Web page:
Could this be the greatest sequel ever made…

Cast: Tom Hanks, Tim Allen, Joan Cusack, Ned Beatty, Michael Keaton, Don Rickles, Wallace Shawn & John Ratzenberger

Directed by: Lee Unkrich

Screenplay by: Michael Arndt, Andrew Stanton, Lee Unkrich & John Lasseter


After yeas of living in Andy’s bedroom, the time has come for Woody and co. to move on, with Andy heading off to college. However, the toys inadvertently end up at a day-car center where at first all seems okay until the seemingly kind ‘head’ toy Lotso Bear reveals his true colours.


Has it really been 15 years since Pixar came along and introduced the world to Woody, Buzz and co. in the first ever computer generated, animated feature film. Amazingly it has and in those 15 years, Pixar has been top of the animated tree year in year out, wholly defining the word consistent. So with this in mind, it should be of no surprise that their latest picture, Toy Story 3, bringing them back to where it all began, is yet another masterclass in beautiful animation, great storytelling and flawless characters.

Of course, Pixar already confirmed they could handle a sequel just as well as an original story with Toy Story 2 back in 2000, a sequel that managed to match its predecessor in pretty much every way possible. But a trilogy closer is always a difficult proposition and only so many manage to pull it off. Thankfully though, Toy Story 3 not only comfortably sees the toys go out on a high it also easily lives up to the previous chapters. Sure there can be no denying that the film essentially just offers new variations on plot devices from the previous outings, but its done with such care and conviction, they prove utterly joyous to watch. Take Buzz for example who once again succumbs to a malfunction but this time it comes with an hilarious Latino twist that leads to the film’s biggest laugh-out-loud moments.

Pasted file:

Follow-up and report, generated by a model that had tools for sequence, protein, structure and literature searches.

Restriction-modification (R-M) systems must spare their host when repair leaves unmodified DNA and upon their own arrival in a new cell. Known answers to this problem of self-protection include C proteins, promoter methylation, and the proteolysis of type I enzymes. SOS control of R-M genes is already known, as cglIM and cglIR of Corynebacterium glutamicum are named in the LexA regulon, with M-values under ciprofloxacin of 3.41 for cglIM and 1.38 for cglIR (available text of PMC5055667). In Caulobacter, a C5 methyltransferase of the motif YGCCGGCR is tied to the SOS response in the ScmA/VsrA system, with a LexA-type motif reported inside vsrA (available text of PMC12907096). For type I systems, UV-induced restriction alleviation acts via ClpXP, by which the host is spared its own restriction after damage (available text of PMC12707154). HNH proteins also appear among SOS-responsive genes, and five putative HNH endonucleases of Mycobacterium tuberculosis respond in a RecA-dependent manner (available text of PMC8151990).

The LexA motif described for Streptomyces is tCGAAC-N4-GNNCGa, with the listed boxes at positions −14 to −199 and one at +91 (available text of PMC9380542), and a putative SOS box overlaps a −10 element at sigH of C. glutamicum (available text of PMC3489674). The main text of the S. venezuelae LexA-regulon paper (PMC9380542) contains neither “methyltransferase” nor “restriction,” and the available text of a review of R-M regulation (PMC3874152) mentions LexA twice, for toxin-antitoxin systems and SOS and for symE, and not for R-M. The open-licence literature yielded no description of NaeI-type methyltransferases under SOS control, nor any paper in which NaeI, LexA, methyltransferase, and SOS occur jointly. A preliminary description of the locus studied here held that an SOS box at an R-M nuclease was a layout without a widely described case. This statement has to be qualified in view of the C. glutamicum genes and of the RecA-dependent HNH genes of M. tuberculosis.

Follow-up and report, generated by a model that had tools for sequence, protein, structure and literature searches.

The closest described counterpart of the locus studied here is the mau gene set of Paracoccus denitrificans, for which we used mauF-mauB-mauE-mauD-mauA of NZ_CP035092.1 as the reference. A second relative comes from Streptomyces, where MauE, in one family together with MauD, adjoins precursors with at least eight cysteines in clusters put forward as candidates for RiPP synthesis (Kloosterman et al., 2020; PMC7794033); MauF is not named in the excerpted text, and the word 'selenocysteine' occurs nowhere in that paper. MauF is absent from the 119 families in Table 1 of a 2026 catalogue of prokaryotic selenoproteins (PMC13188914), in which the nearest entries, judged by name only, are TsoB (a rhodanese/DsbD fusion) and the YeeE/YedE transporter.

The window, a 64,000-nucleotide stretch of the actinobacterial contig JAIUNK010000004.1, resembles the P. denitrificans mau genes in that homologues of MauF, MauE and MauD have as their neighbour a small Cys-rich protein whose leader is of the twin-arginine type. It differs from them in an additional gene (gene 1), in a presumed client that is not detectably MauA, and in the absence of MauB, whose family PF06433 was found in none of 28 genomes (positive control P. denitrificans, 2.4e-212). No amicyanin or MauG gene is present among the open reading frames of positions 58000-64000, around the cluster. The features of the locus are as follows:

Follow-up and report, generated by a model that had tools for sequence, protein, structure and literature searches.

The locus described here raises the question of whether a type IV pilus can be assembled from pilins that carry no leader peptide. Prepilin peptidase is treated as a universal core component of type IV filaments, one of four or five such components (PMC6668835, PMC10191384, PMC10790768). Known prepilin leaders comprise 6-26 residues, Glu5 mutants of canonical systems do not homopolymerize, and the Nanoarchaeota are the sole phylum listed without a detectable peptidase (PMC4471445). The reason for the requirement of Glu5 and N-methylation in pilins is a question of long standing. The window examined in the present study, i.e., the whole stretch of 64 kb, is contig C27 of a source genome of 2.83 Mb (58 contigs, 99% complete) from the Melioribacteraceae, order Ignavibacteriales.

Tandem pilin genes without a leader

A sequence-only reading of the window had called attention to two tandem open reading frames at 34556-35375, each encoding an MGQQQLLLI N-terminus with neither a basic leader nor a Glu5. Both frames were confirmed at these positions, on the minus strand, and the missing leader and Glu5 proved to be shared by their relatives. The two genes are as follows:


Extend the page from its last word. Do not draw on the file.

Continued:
Toy Story 3 isn’t all about big laughs however. In fact this is the most grown-up entry yet. The toy are foced to confront the very real possibility of a future without there owner Andy – who is preparing to leave home for college – thanks to the genius move by the writers to allow real time to pass in the toys’ lives. Also, in one particular sequence near the film’s climax, the adults in the audience are left on the edge of their seat whilst the kids are left screaming hysterically, as our heroes desperately fight to escape a trash-processing facility. A scene of such intensity it probably has no right to be in an animated family movie, and yet its just simply another example of why Pixar are so good at what they do.

Any sequel worth its salt needs fresh and exciting characters and with the additions of Ned Beatty’s devious Lotso Bear and Timothy Dalton’s delightful Mr. Pricklepants in particular, we are given just that. Michael Keaton’s Ken meanwhile quickly becomes the scene-stealer with his constant complaining about not being a girl’s toy and his hilarious fake poses. But fear not, Hamm still grabs the best lines with his usual dry-wit and the rest of the regular gang are never sidelined.

Theirs clearly no stopping Pixar with 11 peerless pictures now firmly under there belt. Toy Story 3 is a joyous, thrilling, poignant conclusion for some of the best-drawn characters to ever grace the screen. Don’t forget the tissues